For me, even semesters are like axles. It’s held the spoked wheel of routines in place as I’ve rumbled through the complex terrain of three BITSian years . For some, even semesters herald desperate hope. “It’s okay. I’ve got one more semester left. I can still make that dual/transfer.”
For some others, it’s a semester of extinguished desire. “This semester? Doesn’t mean a thing to me. It’s just like every other semester. Another cross on the wall- one less semester to go before I’m rid of this place.”
“So what are your new year resolutions? ”
A new year? I stared at the calendar without replying- the page still said October, 2007. “Still holding on to the past, eh?” My shrug was a declaration of guilt, guilt that stemmed from desperation, not deceit. Sometimes we have to live in the past, if we have to live at all.
This is semester that is beyond the reach of resolve. I can’t believe I’m saying this, I who have been eulogizing resolve throughout my life. Ah, Resolve. Resolve that shakes off perverse pessimism. Resolve of an austere kind, without the transient shine of new-year-resolutions. Resolve that crystallizes when you see that number on that blue-grey card on registration day, resolve that is wrung into existence without being serenaded or even acknowledged, resolve that melts into nothingness in the fiery face of temptation, resolve that is reinforced like ceramic, hardened with the heat of renunciation. So many dragons has resolve slain for me, and yet it fails me when I’m alone with the final many-headed monster.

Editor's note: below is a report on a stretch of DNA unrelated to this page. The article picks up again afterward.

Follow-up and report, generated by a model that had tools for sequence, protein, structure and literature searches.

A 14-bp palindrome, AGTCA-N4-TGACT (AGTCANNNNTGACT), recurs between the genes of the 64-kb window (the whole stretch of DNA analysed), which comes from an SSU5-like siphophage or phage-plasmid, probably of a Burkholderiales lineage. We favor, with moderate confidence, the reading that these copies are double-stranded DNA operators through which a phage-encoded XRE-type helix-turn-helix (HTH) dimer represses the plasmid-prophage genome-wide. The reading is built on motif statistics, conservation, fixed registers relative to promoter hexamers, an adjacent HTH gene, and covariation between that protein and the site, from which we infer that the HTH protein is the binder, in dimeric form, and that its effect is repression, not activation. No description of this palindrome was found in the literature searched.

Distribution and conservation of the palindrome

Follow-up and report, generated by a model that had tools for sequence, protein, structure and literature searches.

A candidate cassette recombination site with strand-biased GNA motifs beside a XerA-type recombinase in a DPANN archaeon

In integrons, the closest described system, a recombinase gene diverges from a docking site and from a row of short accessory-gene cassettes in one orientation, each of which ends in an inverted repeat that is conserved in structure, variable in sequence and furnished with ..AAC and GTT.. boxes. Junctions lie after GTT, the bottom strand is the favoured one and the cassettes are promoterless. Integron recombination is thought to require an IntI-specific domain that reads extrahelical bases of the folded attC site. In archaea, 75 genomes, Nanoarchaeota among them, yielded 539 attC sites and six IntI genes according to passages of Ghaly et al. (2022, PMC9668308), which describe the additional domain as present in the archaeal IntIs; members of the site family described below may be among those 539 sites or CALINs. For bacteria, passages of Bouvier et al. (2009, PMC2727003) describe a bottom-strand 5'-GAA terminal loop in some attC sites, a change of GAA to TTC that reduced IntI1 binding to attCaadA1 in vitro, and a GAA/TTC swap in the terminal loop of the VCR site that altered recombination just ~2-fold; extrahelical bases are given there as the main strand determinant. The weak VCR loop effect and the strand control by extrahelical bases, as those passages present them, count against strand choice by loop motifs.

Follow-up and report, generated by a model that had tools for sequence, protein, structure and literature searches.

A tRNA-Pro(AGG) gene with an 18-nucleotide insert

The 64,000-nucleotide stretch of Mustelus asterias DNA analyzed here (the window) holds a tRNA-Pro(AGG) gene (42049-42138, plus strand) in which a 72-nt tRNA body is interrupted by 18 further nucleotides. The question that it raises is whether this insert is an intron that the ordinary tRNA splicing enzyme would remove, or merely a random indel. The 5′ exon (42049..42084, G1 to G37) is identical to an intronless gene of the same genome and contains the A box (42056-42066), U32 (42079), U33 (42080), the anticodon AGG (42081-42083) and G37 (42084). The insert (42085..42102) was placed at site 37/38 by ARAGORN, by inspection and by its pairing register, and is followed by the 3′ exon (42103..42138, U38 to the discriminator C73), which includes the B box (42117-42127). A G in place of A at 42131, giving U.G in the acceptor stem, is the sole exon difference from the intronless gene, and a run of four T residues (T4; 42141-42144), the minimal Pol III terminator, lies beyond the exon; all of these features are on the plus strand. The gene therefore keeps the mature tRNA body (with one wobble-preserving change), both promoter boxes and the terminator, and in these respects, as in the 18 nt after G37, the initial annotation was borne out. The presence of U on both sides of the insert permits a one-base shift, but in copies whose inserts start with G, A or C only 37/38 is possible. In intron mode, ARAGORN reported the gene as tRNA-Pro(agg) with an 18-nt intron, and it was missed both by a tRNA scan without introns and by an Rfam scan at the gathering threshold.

“How are courses this semester? Ghoting already eh? Anyway you’ll make another nine.” It might be a semester of fruitless transition, from one set of futile expectations to another.
“Which semester will you be on? 4-1 or 4-2?” It might be a semester of goodbyes.
“What? You aren’t preparing for anything? Neither CAT nor GRE?” Or a semester of hard decisions and harder consequences.
A semester of disillusionment- I can already hear tunefully tittering sounds within every note of the incomplete melodies that batter my ears. The barbed laughter of derision. Contempt of promises that were made long back and were now lying unredeemed- like bounced checks. I’d overdrawn on my reserves of resolve. My account of resolve didn’t offer me unlimited credit after all.